# Slow slow quick quick slow…

Most of the questions I get asked about writing games for the Spectrum are about graphics – so the next two posts will cover two such questions on that topic.  The first question regards how to move objects around the screen at rates other than multiples of a pixel, such as moving 2 pixels every 3 frames.

If we were writing our game using a modern language on a modern system, this wouldn’t even be a problem – the position of the object would be stored using floating-point numbers, which we could adjust however we like safe in the knowledge that the system will render our object at exactly the right place – easy.  But we’re not a modern language or system, and on the face of it can’t do either of those things – we don’t have any floating-point registers, and have to sort out the actual rendering ourselves – but it can still be done.

But…” you think “…the Spectrum CAN do floating point – you can do it in BASIC – so why not just use that?“.  Well, you could… but I promise you that your game would run so slowly as to be unplayable.  The calculator routines in the Spectrum’s ROM are not the kind of thing to even consider running in a tight game loop where you’re pushing for speed.  Actually, and possibly without knowing it, your game is already doing something very similar to what is required here when it does render your object…

Consider an object which is at the horizontal position of 18 pixels from the left of the screen.  You need to split that into both the character position, and bit within the character, in order to draw it – so 18 pixels is 2 pixels in on the 3rd character, or 3.25 characters – floating point!  You’ve used the top five bits to describe the character position, and the lower 3 bits to describe the bit position.  This is called a ‘fixed-point’ system, and by splitting how the 8 bits in the byte are interpreted allows us to have 32 different character positions, and the bit position in 8ths.  So for the movement of our object we just need to use a similar system to control how much we move it by each turn.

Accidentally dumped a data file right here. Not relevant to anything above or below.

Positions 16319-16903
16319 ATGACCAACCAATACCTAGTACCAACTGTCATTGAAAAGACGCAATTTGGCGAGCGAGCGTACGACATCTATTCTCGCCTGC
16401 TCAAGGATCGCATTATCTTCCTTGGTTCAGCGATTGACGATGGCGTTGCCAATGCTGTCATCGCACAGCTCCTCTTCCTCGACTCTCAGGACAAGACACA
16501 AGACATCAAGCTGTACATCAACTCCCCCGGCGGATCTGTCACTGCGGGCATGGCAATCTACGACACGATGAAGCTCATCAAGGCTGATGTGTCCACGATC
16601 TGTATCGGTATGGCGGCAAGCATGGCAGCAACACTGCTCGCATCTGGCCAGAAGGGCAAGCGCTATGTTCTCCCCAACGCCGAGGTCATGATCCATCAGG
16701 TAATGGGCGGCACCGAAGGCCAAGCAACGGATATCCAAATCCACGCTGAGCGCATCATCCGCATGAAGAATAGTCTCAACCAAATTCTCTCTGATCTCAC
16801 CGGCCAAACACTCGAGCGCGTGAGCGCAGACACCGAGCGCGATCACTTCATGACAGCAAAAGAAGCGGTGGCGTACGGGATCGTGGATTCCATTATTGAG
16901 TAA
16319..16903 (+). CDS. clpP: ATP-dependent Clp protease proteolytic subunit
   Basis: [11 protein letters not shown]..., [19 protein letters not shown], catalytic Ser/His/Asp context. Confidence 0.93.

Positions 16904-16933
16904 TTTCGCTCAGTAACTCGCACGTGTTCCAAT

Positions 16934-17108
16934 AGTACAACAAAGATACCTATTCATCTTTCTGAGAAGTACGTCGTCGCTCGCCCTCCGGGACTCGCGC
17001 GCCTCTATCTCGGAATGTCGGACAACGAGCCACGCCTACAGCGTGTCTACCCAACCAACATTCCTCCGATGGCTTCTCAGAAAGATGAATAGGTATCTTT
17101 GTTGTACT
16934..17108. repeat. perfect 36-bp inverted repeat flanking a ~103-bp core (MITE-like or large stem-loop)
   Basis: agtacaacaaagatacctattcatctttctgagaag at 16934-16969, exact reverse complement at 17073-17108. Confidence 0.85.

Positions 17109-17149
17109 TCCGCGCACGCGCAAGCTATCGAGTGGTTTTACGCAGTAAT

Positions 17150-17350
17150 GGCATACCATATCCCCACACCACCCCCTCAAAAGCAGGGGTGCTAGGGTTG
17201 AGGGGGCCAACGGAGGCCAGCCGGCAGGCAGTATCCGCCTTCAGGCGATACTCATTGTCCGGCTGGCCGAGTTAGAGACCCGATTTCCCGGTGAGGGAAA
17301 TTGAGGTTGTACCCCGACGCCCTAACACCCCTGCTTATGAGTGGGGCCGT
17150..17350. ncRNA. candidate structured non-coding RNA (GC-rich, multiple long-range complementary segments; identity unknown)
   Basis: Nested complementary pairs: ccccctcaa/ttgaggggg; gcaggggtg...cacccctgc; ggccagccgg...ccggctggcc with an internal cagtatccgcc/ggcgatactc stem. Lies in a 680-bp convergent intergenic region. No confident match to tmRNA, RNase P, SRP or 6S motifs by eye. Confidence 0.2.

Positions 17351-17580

How you want to do this is up to your needs – but you’ll probably want to have a byte whose usage is split between the whole number of pixels to move, and the fractional part which allows for sub-pixel movement (if your object will never move as faster as one pixel each turn then you could not have a whole-number section at all).  For the sake of an example, we could give over the top 3 bits of our movement byte to whole numbers – so our object could travel at it’s fastest at nearly 8 pixels a turn, and give the bottom 5 bits over to the fraction – so at it’s slowest it would move 1/32nd of a pixel each turn.  Once you’ve made that decision it’s just a case of formatting the speed you want to move in same way, add it to your movement byte, and then take those top 3 bits and use them to update the actual position of your object, reseting them afterwards.  You’ll likely need another byte somewhere, perhaps a bit in a ‘player flags’ byte – to control in which direction your object is moving, as that will dictate whether you add, or subtract, from the actual position.